The End of Procrastination: How to Stop Postponing and Live a Fulfilled Life
Are you REALLY good at making plans and writing lists, but REALLY bad at achieving the goals you set for yourself?
Change it all in 2019 with The End Of Procrastination
There were a few goals I had in mind for 2018. Work ones, personal ones, long-term ones and short-term ones. Whilst I achieved some of them, others I just thought about, pushed down a list, avoided and I now feel a bit sh*t for not achieving them. Were they impossible, unachievable tasks? Nope. So, why didn’t I just get my arse into gear and get them done?
The End Of Procrastination isn’t all about changing the mindset of procrastinators, instead, it begins with why we do it in the first place. For me, this was one of the most interesting parts of the book and helped me understand why I don’t Nike my life every day and ‘Just Do It!.’ I tend to save things until tomorrow and start a fresh list for the 33rd time with internal rationale such as “I’ll start fresh tomorrow when I’m more focused”, or “I don’t have any meetings tomorrow, so I’ll have more time”, or “I’ll book that after payday”.
There are a couple of reasons and explanations for this kind of behaviour, and reading The End Of Procrastination made me realise that it wasn’t just me being lazy. Sometimes, there are just too many options (take a wander down the biscuit aisle at Tesco’s and you’ll know exactly what I mean). The time I take to decide whether a Big Mac or a Quarter Pounder with Cheese is the better option over the years is a testament to that, and the principle remains the same when it comes to other decisions which need to be made. You want to make the right choice each time and when there are so many options, how do you know which is the right one?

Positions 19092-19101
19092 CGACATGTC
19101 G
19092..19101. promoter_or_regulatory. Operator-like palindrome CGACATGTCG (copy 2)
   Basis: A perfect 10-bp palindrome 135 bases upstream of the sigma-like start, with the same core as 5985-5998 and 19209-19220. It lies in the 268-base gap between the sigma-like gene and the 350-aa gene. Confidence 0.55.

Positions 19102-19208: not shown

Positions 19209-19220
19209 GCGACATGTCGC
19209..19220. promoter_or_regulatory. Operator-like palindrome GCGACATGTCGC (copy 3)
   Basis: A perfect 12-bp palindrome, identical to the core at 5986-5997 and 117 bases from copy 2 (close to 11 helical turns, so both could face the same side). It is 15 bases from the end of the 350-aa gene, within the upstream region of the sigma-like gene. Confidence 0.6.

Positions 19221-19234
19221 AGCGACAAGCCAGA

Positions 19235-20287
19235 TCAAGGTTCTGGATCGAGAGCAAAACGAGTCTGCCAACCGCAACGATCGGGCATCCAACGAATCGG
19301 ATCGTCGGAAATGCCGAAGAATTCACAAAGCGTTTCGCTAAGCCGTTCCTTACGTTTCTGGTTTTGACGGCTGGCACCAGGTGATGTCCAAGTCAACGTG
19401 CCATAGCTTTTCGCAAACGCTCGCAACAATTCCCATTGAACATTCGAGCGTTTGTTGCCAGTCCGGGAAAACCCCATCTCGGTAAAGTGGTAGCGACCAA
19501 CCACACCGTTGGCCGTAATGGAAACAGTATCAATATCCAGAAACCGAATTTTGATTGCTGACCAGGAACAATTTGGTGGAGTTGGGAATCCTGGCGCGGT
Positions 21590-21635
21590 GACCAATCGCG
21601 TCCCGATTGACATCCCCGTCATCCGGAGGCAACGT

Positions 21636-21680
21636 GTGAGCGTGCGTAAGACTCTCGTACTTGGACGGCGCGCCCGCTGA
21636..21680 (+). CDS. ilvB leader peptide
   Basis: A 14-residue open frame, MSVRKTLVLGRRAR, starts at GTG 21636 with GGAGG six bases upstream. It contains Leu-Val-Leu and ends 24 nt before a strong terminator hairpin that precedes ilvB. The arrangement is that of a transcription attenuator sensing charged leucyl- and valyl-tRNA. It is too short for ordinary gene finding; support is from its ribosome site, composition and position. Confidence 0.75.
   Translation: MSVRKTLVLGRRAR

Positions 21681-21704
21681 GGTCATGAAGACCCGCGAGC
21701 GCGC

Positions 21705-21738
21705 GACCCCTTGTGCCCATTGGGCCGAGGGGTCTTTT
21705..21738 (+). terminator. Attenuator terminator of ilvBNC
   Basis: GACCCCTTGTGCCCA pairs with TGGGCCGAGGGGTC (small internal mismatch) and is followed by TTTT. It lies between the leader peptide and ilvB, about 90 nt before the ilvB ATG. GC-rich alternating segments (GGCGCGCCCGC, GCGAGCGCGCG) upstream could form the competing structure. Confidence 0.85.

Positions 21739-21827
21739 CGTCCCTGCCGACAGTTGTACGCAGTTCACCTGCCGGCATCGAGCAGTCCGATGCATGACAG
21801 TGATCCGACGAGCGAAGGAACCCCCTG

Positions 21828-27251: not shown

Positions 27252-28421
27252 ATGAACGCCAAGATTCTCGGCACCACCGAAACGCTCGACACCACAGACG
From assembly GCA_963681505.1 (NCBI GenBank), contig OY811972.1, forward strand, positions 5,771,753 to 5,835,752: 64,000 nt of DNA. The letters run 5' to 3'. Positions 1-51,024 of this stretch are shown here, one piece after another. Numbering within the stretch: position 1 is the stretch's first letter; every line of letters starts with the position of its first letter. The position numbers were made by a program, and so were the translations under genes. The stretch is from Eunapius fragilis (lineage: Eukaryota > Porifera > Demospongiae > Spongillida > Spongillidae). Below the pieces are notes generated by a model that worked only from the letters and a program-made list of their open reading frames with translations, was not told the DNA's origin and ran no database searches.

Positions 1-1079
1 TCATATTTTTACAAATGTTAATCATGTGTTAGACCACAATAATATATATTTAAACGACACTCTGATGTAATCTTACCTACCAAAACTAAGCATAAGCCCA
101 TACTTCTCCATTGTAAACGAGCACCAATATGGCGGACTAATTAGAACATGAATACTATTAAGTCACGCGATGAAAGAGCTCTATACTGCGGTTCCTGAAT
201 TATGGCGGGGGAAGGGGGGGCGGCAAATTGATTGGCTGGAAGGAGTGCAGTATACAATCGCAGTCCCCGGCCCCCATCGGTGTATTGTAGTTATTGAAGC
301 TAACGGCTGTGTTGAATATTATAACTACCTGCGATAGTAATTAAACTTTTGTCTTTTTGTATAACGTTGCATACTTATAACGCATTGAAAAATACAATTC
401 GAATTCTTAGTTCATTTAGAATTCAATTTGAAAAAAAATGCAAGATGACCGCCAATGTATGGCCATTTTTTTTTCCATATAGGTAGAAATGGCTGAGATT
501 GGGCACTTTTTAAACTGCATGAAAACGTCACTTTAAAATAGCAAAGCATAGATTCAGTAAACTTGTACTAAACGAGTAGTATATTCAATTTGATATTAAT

So What Is The Best Way To Kick Those Goals?
Ever thought that setting goals can be the problem? The End of Procrastination: How to Stop Postponing and Live a Fulfilled Life authors, Petr Ludwig and Adela Schicker, explore the idea that setting goals can often lead to indecision and living in a hamster loop (it’s in the book and a real a-ha! moment). This little square book encourages you to think about what you want out of life and set milestones constantly along the way. By doing this and not setting one goal to be achieved, you are in a constant state of happiness and feelings of achievement.
Think about when you purchased your first car, how wonderful it felt to enjoy the independence and pride of passing your drivers test. When you think about your car now, you may well feel a bit flat; it may need an expensive service, or the cost of insurance and tolls has started to hit your pocket hard. You no longer feel excited and independent sitting in a traffic jam late for work while the kids are screaming on the back seat. The feeling of achievement needs to be small and often, too keep your motivation up and keep you going.
Duffy’s Thoughts On The End Of Procrastination
I got a lot out of The End Of Procrastination and will certainly be implementing some of the tools in both my work and personal life. Theories are based on scientific study and the 8 practical tools laid out in this book can be dipped in and out of when and if you start to head off track. The illustrations are fun and the unusual small square shape of the book means it can happily sit on your desk without intruding. If you enjoyed Unf*ck Yourself by Gary John Bishop, you’ll very much enjoy this read.
Maybe you’ll start to notice some of these positive changes in blog and posts during 2019!
by Petr Ludwig and Adela Schicker is published by Allen & Unwin Jan 7th